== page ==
Injury can happen if tools are not handled or used appropriately. Use caution with power tools. Do not use a tool unless you have been trained to do so. Use the right tool for the job.
Before you begin using your tools each day, check for conditions that may be hazardous. Be sure to check that the work area is free from water. Remove the water hazard before operating the tool. Also, be aware of other tools and building materials nearby that may cause you to slip, trip, or fall while using a power tool. Work in a well-lit and clean workspace. Be sure that if a ladder is to be used, that it is inspected and confirmed safe for use. Wear proper personal protective equipment (PPE) for the tool in use. Keep cutting edges sharp, if needed, so the tool responds as expected. Secure your tools when working from heights so they do not fall on a worker below. Do not place sharp tools in pockets where they could later become impaled in one’s body.
Burns and electrical shocks are common with power tool use. Do not underestimate the dangers presented by electricity. Make sure that power tools are in good condition. Check the wiring and cords for frays, cuts, and damage. Verify that wiring does not run along sharp edges that can cause damage to occur. Do not carry tools by their wires or unplug them by their pulling on the wire. This causes separation from the protective outer sheath and the prong and/or entrance to the tool. All tools are to be properly grounded. Double-insulated tools are recommended. On all construction sites, it is important that ground fault circuit interrupters (GFCI) be used in order to sense for a current imbalance. Monitor and control the amount of water levels on the jobsite. When plugging tools in, make sure it is powered off.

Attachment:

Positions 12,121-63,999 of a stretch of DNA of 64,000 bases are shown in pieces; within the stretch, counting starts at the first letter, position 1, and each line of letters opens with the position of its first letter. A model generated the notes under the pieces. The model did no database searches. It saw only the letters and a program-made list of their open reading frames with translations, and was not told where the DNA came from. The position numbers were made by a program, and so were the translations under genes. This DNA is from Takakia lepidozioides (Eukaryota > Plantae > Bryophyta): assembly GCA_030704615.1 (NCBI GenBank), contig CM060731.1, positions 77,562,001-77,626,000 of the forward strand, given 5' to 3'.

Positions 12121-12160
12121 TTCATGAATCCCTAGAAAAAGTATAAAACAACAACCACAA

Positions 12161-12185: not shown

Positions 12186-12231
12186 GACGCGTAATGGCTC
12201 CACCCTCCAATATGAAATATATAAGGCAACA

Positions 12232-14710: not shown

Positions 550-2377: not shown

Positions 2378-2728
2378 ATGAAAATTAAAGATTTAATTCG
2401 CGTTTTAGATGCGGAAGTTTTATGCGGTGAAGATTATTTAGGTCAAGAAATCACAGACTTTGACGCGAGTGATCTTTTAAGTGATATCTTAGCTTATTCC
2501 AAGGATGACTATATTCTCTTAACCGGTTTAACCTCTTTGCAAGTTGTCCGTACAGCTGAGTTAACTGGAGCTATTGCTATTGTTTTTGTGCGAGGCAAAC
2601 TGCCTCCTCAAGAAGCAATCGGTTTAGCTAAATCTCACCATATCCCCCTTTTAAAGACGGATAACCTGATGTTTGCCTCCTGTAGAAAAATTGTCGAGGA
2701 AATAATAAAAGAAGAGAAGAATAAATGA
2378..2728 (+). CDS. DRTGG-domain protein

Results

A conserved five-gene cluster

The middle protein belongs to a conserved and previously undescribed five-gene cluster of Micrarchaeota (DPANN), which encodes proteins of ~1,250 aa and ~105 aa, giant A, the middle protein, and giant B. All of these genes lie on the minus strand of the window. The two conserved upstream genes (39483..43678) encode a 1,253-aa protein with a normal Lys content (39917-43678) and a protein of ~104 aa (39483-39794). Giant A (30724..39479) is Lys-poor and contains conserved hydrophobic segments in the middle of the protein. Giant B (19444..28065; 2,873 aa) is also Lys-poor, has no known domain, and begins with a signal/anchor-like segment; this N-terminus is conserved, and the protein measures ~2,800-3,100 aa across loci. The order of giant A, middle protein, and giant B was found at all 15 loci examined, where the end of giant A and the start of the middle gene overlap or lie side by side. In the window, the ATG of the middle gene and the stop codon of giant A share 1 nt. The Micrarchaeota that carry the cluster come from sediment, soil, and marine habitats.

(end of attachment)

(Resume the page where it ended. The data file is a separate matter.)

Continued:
Faulty equipment should not be used. If a tool is determined to be no longer suitable for use, set it aside and clearly mark it to warn employees that it is out of service.
Do not wear clothing that may get caught in tool movement. Also, take note not to wear long items that may droop or dangle like necklaces that may also be caught in the power tool. Tie back hair to reduce the likelihood of it getting caught in the tool. If dust, debris, or other flying objects are likely to be present, wear safety glasses and a dust mask, if needed.
Be alert and aware if sparks are created by the power tool. Clear the area of flammable items and always maintain a clean work environment. Locate the nearest fire extinguisher. Wear appropriate gloves if sparks are generated.
Ensure that proper guards are on tools. Do not remove guards from tools.
WCF Insurance Safety Department
NOTICE: This guide may make reference to the Occupational Safety and Health Administration (OSHA) regulations; however the guide is not legal advice as to compliance with OSHA or other safety laws, codes, or regulations. Compliance with OSHA and other safety laws codes or regulations, and maintaining a safe work environment for your employees remains your responsibility. WCF Insurance does not undertake to perform the duty of any person to provide for the health or safety of your employees. WCF Insurance does not warrant that your workplace is safe or healthful, or that it complies with any laws, regulations, codes, or standards.